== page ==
Do you really think that mankind did not use "reason" before the so-called "Enlightenment", or change their world? Go read some Aquinas, for Pete's sake (if you can understand it, that is). Goodess, the Portuguese were sailing round the world in the late 15th bad the early 16th century. What do you think, the peoples of Europe lived in mud huts? It is a modern conceit (and here I use Modern in the broader sense) that all that came before was darkness and superstition.

The is more a reverberation of Renaissance anti-medieval propaganda than much else. In fact, without the Scholastics what came later would have been intellectually impossible.

Moreover, there is much Darkness in your "Enlightenment" the oppressions of the crowns of Europe, the Napoleonic wars, not to mention the creation as a large enterprise of the African slave trade. There were also many Modern superstitions and Pseudo-sciences: mesmerism, "magnetism", and all sort of other claptrap.

The "Enlightenment" got us the French Revolution and Bonapartism. Both Lenin and Stalin claimed to descend from the "Age of Reason". Mao, famously, claimed to be fulfilling the rationalism of the Western Enlightenment. Little light about there, I can tell you. Let us not conflate "optimism about reason" with narcissism, cupidity and the zeal of fanatics.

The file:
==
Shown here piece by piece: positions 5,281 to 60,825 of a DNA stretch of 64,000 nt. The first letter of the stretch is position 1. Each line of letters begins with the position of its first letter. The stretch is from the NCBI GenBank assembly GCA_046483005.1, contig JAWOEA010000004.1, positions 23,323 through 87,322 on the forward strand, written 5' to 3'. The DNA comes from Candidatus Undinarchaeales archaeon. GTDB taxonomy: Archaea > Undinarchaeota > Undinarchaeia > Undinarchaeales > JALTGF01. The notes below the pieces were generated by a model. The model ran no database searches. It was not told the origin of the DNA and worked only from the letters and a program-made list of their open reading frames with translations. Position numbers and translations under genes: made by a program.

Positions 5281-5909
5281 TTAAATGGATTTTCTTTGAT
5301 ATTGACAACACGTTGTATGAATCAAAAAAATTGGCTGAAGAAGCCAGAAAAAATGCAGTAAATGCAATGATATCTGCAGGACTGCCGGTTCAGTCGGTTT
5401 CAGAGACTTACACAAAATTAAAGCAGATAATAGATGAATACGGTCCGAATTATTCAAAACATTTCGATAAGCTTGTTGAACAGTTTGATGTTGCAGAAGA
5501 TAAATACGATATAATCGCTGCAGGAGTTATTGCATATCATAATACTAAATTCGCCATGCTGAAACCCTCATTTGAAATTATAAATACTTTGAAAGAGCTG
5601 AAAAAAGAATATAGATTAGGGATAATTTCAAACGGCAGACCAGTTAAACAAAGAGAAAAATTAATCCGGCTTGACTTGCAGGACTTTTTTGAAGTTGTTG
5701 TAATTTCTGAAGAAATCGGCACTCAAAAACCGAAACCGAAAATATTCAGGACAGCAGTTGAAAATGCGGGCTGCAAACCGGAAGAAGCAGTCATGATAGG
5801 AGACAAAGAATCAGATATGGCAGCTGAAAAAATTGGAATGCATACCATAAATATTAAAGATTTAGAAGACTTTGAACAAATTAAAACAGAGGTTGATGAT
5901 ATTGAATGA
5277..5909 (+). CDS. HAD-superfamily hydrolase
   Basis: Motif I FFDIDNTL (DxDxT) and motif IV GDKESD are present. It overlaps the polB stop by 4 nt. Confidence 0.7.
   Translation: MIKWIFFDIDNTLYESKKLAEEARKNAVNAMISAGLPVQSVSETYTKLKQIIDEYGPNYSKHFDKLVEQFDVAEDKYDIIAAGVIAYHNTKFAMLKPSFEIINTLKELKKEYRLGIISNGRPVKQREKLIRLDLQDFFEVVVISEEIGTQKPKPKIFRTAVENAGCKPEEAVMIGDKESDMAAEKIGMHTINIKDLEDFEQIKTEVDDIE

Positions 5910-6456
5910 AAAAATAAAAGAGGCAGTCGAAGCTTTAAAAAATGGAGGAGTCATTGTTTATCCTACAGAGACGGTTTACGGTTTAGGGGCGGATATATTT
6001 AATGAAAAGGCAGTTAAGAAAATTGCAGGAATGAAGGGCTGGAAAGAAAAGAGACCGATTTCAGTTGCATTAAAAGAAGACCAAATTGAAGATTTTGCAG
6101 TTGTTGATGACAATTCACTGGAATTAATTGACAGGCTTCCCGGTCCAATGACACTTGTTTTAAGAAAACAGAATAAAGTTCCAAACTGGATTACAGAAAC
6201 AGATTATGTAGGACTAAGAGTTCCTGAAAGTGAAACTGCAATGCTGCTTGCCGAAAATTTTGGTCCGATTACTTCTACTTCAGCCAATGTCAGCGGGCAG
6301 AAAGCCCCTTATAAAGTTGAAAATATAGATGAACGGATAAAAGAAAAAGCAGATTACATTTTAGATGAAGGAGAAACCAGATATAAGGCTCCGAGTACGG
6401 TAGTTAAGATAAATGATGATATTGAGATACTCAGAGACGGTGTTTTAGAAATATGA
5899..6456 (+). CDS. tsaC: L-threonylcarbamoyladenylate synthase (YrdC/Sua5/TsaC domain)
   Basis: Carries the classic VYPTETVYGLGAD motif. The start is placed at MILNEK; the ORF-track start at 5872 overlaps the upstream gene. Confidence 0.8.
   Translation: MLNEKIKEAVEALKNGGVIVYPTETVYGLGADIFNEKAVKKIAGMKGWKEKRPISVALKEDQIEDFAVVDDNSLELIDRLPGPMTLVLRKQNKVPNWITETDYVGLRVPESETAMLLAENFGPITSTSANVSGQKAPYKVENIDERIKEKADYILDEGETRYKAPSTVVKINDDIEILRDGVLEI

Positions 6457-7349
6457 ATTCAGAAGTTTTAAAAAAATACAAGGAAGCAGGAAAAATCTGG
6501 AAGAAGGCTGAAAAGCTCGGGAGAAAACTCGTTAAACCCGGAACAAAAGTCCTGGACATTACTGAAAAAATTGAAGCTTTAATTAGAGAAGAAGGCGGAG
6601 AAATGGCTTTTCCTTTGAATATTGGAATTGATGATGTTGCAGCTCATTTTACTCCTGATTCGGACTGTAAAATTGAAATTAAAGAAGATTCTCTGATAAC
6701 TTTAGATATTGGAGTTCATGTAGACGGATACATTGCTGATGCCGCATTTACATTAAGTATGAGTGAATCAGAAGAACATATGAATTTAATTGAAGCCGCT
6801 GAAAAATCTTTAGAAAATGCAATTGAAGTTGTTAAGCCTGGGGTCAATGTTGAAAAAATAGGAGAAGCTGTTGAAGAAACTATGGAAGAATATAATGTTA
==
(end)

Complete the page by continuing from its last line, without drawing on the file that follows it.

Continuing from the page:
Much of what passed for the "Enlightenment" was really just an alloyed antinomianism. It is not an accident that the Left, like the Bonapartists, loves preening as the natural successors to "The Enlightenment".

If there was an acceleration of the science and praxis in the 18th and 19th centuries, the greater part of it is most likely is due to the much expanded wealth of Europe, a wealth which allowed a broader application of the talents of the Europeans. The impressive gain in wealth, education, population, agriculture productivity, etc, from the Renaissance onward certainly cannot be attributed to Gaulic effetes such as Voltaire.
(And let us remember that much of this wealth was enabled by the conquest of the New World, and the Ancient World.) The "heroes" of the Enlightenment stake claim they deserve not.

Again, the notion of "The Enlightenment" that you and the quoted author posit is mostly a late 19th century and 20 century conceit, and rather different from the actually sub culture or "impulses" of those times. Here the author gives the game away with his rather loopy notion that an "age" is characterized by some vague collective "impulses"; this is a purely 20th century concoction, and a rather shallow, middle-brow one at that.

While this myth is not solely a fiction of the Left, it is their province. They use it as a cudgel to herd the rest of us into darkness.

Anonymous said...

Marx a "deep thinker"? Too funny. Only a Marxist would think that.
In any event, it is hardly a "deep thought" that we are "shaped by our environment". An illiterate 8th century Tuscan shepherd could have told you that.

What a absolutely ridiculous assertion. But it is typical of what I say: Mention "The Enlightenment" and the Marxist come out of the woodwork. Such hilarity!